The pancakes are newer; I started with them because once you have a sourdough starter you need to keep making more sourdough starter, and there's only so much bread that one family can eat (especially when 50% of the adults are gluten-free!). But I keep doing it because they come out light and crispy and delicious, even with all whole wheat flour and less sugar and much less fat than my regular pancake recipe. The two younger boys don't like them much; I can't decide if that's a feature or a bug.

I don't really have a recipe for sourdough pancakes besides whisking an egg into a cup of happy starter, fed the night before, along with a tablespoon or two of sugar and a little salt. Then I dissolve some baking soda in water and fold it into the batter. You'll notice it's a fat-free food at this point, but I fix that by cooking each pancake in plenty of butter: I make sure to add more to the griddle for each batch.

I don't know about everybody else, but baking soda doesn't much feature in my more conventional baking. Too unpredictable. Who knows if a particular ingredient has enough acid to activate it and remove that horrible metallic-salt taste? An ingredient other that lactic acid-laden sourdough starter, that is. I really feel a connection to my homesteading forebearers of, oh, the late 1800s when chemical leaveners became widely available.

We do lots of odd things in our household, and not all of them require purchasing baking soda in bulk. But some do. It is a signifier, of a sort.

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productivity in one sphere

We had a great day today of visiting and hosting. And never mind my many failures and inadequacies, today I'm proud of one thing at least: beginning at 6:15 or so I baked the following foods:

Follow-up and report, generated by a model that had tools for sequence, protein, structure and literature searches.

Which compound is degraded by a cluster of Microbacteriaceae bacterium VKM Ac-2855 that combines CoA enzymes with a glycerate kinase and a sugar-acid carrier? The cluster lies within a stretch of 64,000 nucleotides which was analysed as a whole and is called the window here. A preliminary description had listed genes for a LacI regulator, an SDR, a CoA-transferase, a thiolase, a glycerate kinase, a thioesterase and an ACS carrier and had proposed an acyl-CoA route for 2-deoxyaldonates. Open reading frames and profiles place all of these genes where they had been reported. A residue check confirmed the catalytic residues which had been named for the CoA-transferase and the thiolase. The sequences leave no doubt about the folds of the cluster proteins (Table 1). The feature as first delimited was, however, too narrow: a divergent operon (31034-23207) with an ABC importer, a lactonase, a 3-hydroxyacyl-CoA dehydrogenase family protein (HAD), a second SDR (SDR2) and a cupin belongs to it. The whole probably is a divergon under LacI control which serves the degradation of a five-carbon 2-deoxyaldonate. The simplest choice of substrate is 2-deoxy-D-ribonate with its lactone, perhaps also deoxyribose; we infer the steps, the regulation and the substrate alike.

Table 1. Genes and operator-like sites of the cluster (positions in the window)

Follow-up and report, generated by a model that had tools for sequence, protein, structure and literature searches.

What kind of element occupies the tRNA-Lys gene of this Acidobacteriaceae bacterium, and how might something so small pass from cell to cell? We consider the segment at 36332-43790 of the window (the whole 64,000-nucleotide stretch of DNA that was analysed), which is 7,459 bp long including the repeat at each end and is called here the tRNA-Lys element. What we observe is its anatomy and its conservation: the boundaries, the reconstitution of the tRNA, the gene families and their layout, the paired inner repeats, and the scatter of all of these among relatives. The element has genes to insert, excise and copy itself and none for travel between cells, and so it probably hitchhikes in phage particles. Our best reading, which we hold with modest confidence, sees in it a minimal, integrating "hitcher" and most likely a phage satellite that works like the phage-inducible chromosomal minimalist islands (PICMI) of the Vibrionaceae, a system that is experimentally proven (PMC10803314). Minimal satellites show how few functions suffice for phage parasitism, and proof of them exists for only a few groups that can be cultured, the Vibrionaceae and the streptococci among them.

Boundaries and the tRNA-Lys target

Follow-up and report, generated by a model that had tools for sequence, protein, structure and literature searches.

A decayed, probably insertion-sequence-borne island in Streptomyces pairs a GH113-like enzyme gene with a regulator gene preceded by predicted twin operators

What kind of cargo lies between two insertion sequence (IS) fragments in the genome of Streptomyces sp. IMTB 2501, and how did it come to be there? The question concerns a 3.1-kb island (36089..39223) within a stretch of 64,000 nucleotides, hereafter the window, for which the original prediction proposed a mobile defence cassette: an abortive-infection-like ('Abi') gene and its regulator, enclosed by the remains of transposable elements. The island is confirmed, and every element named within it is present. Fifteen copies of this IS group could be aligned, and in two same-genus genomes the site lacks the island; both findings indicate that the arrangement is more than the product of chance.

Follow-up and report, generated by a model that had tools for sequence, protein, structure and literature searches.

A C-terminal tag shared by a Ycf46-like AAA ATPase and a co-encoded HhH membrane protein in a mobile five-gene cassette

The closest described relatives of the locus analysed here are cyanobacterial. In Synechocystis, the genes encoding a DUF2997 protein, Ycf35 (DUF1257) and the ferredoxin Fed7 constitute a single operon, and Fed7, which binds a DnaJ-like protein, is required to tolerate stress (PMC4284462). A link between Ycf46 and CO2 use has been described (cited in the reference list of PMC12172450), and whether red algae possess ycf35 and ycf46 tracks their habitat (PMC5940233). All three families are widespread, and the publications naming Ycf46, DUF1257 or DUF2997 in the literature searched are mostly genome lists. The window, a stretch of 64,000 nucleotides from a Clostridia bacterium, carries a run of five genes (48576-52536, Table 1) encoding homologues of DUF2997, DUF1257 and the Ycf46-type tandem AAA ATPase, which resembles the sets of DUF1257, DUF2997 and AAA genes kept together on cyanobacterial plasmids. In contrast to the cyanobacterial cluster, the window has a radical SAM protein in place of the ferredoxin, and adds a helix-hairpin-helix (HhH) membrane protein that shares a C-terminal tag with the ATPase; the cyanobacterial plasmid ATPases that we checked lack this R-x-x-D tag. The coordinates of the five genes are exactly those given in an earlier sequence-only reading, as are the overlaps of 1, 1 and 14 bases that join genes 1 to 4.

• Whole wheat sourdough bread
  • pumpkin chocolate chip muffins
  • banana chocolate chip muffins
  • white sourdough bread
  • sourdough pancakes

Plus I made potatoes and scrambled eggs and peanut noodles. And spaghetti with sauce from a jar. And a salad. That feels like enough for one day.

And even with all that, we'll start tomorrow with a clean kitchen!

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self-deprecating bragging

With everything we're trying to do it's sometimes—often—hard to think about dinner before, oh, 4:30 on any given day. Combined with the somewhat limited palates of our boys, that means that the dinners we put on the table are not always inspired. Today, for example, I served spaghetti with sauce from a jar. But it's ok, because everything else on the table was totally representative of our awesome hippy credibility. Fresh sourdough bread; kale salad with homemade dressing (with local honey and homemade—though not by us—vinegar); and for desert a peach crisp made with home-canned peaches. See, we're still cool.